FIG. 1 shows a perspective view of an embodiment of the system. This embodiment is mounted in stadium 76. The two axes are shown in the figure with the Y-axis shown left to right and the Z-axis shown bottom to top of the page. In this configuration, support structures 110 and 112 separate platform 124 from the ground. Platform 124 provides a mobile attachment point for an object to be moved including but not limited to cameras, mining scoops, logging hooks, or any other utility enabling device applicable to any industry.

Platform 124 is supported and is moved in two dimensions by one line. The line forms a “V” shape when viewed from the perspective of FIG. 1. By decreasing the length of the line deployed into the system via Z-axis motor 101 and Z movement device 104, platform 124 is raised. Conversely, increasing the length of the line deployed, platform 124 is lowered. YZ movement line sides 19 a and 19 b are different sides of the same piece of line. Control of Y and Z-axis motors can be in the form of simple switches, potentiometers, or an optional but not required computer control system.

Z movement device 104 is coupled with YZ movement line side 19 a. Sheave 172 rides on YZ movement line side 19 b. By rotating Y-axis motor 102 (attached to a bull wheel that drives the line but is not shown for ease of viewing), thereby decreasing the amount of line on YZ movement line side 19 a, which increases the amount of line on Y movement side 19 b, the platform moves mainly in the negative Y direction, or to the left as shown in the figure.

Z movement device 104 can be any mechanism which can displace sheave 174 and is not required to be a line, but rather can be a screw drive, hydraulic system, fulcrum or any other device capable of moving sheave 174. Z movement motor 101 may be utilized to power any type of Z movement device desired. Y-axis motor 102 drive pulley is not shown for ease of illustration. Drive pulleys and drum winches are well known to those skilled in the art and embodiments that minimize line wear and provide anti-derailing features may be interchanged to drive the line in the system. Any device that can pull move line through it can be used in place of a drive pulley or bull wheel.

An embodiment of the invention can run fiber optics cables or power cables along YZ movement line side 19 a or 19 b from support structure 110 to platform 124. Support structure 112 can alternatively supply power to the platform in the same manner. Platform 124 may alternatively house devices with collocated power supplies negating the need for external power cables. Devices attached to platform 124 may include wireless or other remote controlled devices.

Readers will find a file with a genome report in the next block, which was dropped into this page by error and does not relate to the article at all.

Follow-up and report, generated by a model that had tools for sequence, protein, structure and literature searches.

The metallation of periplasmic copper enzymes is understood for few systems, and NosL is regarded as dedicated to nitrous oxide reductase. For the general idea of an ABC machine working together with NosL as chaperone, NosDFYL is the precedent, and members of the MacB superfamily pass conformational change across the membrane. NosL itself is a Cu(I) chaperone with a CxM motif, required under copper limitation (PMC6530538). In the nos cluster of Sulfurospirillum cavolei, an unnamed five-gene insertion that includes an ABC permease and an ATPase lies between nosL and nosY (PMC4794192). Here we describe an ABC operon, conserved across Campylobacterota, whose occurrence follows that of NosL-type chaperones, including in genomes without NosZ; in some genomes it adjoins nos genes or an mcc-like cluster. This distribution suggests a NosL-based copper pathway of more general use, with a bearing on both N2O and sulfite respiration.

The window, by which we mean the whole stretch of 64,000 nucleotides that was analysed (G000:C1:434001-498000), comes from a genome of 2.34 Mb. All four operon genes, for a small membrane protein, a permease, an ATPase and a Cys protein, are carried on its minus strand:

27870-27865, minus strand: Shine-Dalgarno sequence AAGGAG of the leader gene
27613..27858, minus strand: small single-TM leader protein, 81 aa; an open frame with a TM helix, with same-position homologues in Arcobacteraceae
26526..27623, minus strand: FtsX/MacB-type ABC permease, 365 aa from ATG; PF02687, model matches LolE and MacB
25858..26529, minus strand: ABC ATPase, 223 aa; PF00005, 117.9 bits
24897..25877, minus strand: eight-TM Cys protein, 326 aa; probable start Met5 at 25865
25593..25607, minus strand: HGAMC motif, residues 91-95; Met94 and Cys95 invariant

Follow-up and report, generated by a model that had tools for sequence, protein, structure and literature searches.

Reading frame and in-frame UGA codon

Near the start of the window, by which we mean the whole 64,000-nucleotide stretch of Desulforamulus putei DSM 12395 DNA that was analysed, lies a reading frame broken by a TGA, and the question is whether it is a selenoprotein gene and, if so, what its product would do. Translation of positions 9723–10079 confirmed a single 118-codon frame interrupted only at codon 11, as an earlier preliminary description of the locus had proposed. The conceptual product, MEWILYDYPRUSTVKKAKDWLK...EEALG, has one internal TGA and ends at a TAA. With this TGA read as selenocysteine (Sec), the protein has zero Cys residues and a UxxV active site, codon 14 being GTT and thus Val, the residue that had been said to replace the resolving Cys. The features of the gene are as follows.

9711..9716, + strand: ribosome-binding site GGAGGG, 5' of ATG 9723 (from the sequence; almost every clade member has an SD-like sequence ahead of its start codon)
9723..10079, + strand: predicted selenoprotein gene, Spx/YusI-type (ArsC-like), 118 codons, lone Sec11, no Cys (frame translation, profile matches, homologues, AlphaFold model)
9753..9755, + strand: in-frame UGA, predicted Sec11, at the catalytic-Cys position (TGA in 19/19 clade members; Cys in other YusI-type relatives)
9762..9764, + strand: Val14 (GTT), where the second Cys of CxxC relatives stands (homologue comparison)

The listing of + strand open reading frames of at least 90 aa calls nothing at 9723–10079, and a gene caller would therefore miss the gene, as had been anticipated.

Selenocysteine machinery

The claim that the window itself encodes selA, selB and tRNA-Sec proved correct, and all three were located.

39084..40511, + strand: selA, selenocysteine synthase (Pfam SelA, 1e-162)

Note that Z movement device 104 can comprise a sequence of pulleys for multiplying the Z-axis traversal, and may also utilize a block or other device for disabling travel in case of breakage within Z movement device 104. By placing a backup means of limiting the upward travel of sheave 174, the platform can be configured to never reach the ground beneath it even if a failure at or beneath Z movement device 104 were to occur.

FIG. 2 shows a YZ-axis reeving diagram for an embodiment of the invention employing distantly located winches for Y and Z-axis movement and shows two horizontal paths of motion depending on the height of the platform. FIG. 2 shows path 200 that the platform travels when rotating Y-axis motor 102 without asserting Z movement device 104. Note that this elliptical path would be deeper and more circular as seen in FIG. 2 path 201 if more line was injected into the system via Z movement device 104. Note that even though the Y-axis motor rotation produces a path that slightly varies in Z-axis height, this displacement is minimal and therefore does not require a computerized control system or any control system for that matter. In this regard is the path were required to maintain a constant height in Z-axis direction over the course of travel, an operator could simply activate Z movement device 104 in order to inject a small amount of line into the system as platform 124 towards either support structure holding sheaves 171 and 173 for example. Alternatively, a control system could be employed in order to do this automatically, but is in no way required. For embodiments of the invention used in areas where Z displacement minimization during Y traversal is required, the control system may utilize Y displacement to calculate the amount of Z movement required to keep a level platform path. Since the supporting endpoints form the foci of a two-dimensional ellipse, measurements of amount of line deployed on each side of the supports determines the location of the platform on the ellipse. Since the measurements determine the Z height, the amount of deployed line can be adjusted by the Z-axis motor while the Y-axis motor is moving the platform in order to raise the platform as it approaches the mid-point of between the supports in order to compensate for the dip in the elliptical path. As the equation for an ellipse is known, an iterative loop which activates the Z-axis motor until an acceptable error is achieved is one possible control algorithm that will yield a constant Z height during Y traversal. Any other algorithm that would keep the platform traveling in a desired path whether linear or not is in keeping with the spirit of the invention.